Culture is not causeless and disembodied. It is generated in rich and intricate ways by information-processing mechanisms situated in minds. These mechanisms are, in turn, the elaborately sculpted product of the evolutionary process. ~ Jerome Barkow, Leda Cosmides, & John Tooby
Culture represents shared symbolic expression: an exhibition of abstraction in a social context. The earliest hominids had culture; just as other social animals do.
Culture shaped hominids. Early on, hominids shed the sharp, pronounced canine teeth which apes use as a threat signal. Faces became more expressive.
Humans are the only primate with easily seen sclera (whites of the eyes). When this happened in hominin evolution is not known (as no fossil record exists of such soft tissue), but is indicative that subtle, nonverbal communication became significant in the cultural repertoire.
Spontaneous smiling – an expression of joy – is a universal human expression with cultural implications. Typically, too much smiling is interpreted as a sign of shallowness or dishonesty. As something of a mask, Japanese sometimes smile when angry or confused. Other Asians may smile when embarrassed or to cover emotional pain.
Another universal look is a face contorted by anger. Despite never having seen one, even blind children can make an angry face. Lowered brows, flared nostrils and a piercing gaze define the face of anger. 7 key muscles groups work in concert to produce the look.
Anger evolved to motivate effective bargaining behavior during conflicts of interest. Humans are exceptionally good at assessing fighting ability just by looking at someone’s face. The explanation for evolution of the human anger face is surprisingly simple – it is a threat display. ~ Australian criminologist Aaron Sell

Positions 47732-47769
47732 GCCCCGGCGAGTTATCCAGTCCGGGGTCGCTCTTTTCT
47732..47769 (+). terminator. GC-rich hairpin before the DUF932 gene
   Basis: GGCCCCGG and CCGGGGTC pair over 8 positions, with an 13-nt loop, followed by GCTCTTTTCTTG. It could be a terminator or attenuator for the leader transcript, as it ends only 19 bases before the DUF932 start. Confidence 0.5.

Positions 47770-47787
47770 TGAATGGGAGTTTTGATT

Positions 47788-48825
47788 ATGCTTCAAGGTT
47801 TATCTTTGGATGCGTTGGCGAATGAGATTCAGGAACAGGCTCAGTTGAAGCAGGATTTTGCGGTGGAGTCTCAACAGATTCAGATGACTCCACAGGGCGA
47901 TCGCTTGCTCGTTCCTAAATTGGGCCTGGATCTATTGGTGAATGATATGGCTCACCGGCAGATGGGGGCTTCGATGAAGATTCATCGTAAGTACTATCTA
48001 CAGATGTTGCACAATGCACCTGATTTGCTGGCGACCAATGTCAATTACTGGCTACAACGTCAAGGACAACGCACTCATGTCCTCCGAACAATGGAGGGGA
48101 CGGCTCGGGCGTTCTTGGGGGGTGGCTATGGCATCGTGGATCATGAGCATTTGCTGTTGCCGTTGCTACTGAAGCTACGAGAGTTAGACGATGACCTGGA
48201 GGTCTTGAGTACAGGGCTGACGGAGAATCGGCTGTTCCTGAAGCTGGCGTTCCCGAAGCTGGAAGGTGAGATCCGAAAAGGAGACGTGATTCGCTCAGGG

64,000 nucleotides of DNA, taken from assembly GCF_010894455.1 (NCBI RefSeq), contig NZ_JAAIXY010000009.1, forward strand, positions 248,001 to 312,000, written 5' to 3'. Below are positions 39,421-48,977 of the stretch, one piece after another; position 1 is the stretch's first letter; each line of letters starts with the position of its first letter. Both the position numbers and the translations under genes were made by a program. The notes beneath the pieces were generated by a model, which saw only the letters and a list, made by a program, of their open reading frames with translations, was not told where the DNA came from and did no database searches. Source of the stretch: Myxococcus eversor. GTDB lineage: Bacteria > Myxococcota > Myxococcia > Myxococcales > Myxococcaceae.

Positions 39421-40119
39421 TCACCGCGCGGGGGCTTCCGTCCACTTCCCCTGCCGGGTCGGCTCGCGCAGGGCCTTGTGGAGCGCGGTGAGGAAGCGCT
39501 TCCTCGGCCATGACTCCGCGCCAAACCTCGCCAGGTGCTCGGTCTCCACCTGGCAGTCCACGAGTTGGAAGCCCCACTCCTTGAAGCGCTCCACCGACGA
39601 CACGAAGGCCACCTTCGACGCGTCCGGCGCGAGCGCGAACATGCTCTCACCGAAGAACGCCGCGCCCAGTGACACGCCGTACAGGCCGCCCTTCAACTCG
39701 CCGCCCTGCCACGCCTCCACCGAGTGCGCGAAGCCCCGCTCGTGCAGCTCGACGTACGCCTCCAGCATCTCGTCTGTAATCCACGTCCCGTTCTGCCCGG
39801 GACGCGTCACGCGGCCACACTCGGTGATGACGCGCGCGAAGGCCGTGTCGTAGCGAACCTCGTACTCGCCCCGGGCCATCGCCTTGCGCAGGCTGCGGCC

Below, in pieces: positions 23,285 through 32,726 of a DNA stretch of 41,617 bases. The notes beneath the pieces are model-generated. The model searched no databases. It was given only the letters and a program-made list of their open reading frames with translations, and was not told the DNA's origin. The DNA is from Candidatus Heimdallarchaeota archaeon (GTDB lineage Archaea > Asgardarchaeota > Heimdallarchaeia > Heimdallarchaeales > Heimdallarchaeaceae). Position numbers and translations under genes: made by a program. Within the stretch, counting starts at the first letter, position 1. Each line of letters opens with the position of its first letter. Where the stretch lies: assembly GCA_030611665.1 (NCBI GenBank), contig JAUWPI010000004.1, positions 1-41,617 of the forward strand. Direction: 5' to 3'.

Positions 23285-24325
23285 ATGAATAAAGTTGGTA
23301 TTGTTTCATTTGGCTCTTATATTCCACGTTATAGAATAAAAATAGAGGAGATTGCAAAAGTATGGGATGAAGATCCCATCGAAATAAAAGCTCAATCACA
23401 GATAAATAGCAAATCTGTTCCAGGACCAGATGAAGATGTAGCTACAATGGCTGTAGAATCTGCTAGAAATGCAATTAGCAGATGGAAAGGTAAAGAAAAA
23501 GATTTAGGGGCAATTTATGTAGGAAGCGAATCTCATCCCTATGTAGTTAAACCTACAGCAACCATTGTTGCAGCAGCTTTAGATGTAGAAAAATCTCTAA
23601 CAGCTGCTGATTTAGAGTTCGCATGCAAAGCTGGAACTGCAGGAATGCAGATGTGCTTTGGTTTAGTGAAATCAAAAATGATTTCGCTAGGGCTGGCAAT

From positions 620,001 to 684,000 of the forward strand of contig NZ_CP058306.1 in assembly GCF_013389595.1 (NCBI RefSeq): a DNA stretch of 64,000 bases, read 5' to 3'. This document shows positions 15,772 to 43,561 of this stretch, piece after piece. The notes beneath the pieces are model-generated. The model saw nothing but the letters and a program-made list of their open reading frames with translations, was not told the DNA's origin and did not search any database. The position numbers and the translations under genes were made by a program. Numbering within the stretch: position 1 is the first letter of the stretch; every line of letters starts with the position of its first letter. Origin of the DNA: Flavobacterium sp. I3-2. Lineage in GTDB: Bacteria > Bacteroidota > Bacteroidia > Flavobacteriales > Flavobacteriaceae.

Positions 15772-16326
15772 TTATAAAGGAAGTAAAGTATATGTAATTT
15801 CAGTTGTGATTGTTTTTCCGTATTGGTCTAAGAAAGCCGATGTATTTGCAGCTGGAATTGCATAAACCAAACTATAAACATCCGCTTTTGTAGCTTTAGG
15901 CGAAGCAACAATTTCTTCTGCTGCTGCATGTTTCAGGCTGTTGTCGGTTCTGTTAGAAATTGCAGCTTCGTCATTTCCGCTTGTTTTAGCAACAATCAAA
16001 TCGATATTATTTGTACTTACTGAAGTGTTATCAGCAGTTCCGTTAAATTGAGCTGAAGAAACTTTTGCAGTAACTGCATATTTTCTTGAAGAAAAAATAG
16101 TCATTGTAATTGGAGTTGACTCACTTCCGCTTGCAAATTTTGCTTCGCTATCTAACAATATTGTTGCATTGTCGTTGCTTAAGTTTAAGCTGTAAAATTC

The anger face evolved as a show of power. People with angry faces appear more formidable.
Stronger men anger more easily, fight more often, feel entitled to more unequal treatment, resolve conflicts more in their own favor and are even more in favor of military solutions than are physically weak men. ~ John Tooby
When push comes to shove, human sociality comes down to might makes right. It is the most archaic evolutionary rule of conspecific relations and shows how human culture has not strayed from it biological base.
People who are judged to be stronger tend to get their way more often, other things being equal. ~ Aaron Sell
The emotional stature of apes and humans is identical. Simians have an innate capacity for empathic kindness, as do many other animals. Conversely, when provoked, chimpanzees have a capacity for savagery that is positively manly.
A significant aspect of culture is self-control, and the degree to which its loss is tolerated by others. This facet of culture strongly influenced the sociality of hominids, especially regarding social cohesiveness and conflict.
Cooperation among apes is impeded by male social intolerance. This same lack of comity would haunt hominids, as is apparent in the pettiness of modern politics.